KARACHI, PAKISTAN — A 32-year-old French tourist, Jean-Pierre Martin, visited Mohenjo-daro, one of the most significant archaeological sites in the world. The ancient city, located in the province of Sindh, Pakistan, dates back to the 3rd millennium BCE and was one of the largest and most advanced settlements of its time.
Jean-Pierre was struck by the sheer size of the city, which at its peak, is estimated to have had a population of over 40,000 people. “It’s hard to believe that this was all built so many thousands of years ago,” he said. “The sheer size of this place is a testament to the ingenuity and creativity of the people who built it.”
As he wandered through the ruins, Jean-Pierre marveled at the sophisticated architecture and engineering of the ancient city. He visited the Great Bath, which was the center of the city’s public life, and the Great Granary, which was used to store the city’s surplus grain.
“The intricacy and detail of the architecture is truly remarkable,” he said. “The ancient builders of Mohenjo-daro were truly ahead of their time.”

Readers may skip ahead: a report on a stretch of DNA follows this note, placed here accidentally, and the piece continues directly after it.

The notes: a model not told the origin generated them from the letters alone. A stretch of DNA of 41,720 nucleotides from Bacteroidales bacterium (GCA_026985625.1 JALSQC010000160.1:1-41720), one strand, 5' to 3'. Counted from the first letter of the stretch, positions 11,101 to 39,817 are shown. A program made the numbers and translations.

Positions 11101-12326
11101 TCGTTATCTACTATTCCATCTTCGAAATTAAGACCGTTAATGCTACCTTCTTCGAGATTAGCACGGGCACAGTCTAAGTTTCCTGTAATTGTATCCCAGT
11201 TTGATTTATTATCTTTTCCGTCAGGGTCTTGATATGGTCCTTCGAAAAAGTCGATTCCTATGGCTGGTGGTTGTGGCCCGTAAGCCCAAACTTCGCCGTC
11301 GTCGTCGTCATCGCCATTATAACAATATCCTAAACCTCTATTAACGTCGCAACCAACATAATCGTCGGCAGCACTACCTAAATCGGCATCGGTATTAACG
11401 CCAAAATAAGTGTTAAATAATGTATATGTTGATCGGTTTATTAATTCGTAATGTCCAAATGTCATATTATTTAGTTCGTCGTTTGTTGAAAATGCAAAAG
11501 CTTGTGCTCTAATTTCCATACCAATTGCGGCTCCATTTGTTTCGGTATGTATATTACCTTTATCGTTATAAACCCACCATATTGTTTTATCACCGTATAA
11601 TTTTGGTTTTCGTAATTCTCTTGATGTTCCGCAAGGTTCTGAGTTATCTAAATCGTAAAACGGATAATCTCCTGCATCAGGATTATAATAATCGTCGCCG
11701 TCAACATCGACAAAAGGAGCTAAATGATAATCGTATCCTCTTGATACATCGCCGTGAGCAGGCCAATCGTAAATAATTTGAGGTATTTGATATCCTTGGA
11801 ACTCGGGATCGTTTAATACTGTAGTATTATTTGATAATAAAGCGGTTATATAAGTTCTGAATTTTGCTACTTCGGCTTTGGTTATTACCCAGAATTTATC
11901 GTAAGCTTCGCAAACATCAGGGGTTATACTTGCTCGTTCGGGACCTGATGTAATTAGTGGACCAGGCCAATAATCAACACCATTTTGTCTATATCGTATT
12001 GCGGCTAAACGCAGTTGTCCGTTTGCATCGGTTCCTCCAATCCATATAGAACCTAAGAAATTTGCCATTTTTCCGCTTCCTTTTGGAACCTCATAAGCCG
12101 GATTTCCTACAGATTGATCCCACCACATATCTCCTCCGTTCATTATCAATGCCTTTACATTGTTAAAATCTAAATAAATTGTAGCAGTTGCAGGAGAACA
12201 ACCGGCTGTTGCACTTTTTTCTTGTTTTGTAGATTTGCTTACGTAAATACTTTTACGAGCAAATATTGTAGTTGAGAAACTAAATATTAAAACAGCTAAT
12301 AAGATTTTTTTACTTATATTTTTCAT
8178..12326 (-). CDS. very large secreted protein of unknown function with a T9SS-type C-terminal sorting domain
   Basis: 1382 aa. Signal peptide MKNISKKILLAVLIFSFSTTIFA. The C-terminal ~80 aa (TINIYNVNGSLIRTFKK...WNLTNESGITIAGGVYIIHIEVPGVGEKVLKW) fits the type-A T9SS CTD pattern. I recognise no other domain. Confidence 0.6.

One of the things that impressed Jean-Pierre the most was the city’s sophisticated sanitation system. Mohenjo-daro had an advanced sewage system that was built over 4,000 years ago. The city also had a complex water management system that included wells, water tanks, and underground pipes.
“It’s amazing to think that these ancient people had such an advanced understanding of public health and sanitation,” Jean-Pierre said. “Their innovations are still influencing modern society today.”
Jean-Pierre’s experience at Mohenjo-daro was not without its challenges, however. The site is currently facing a number of conservation issues, including damage from flooding and looting. Despite these challenges, Jean-Pierre remains optimistic about the future of this remarkable archaeological site.
“I hope that more people will have the chance to visit Mohenjo-daro and appreciate its significance,” he said. “It’s important that we work to preserve this site for future generations, so that they can experience the wonder and beauty of this ancient civilization.”
Mohenjo-daro is a UNESCO World Heritage Site and remains an important cultural and archaeological site, attracting thousands of visitors every year.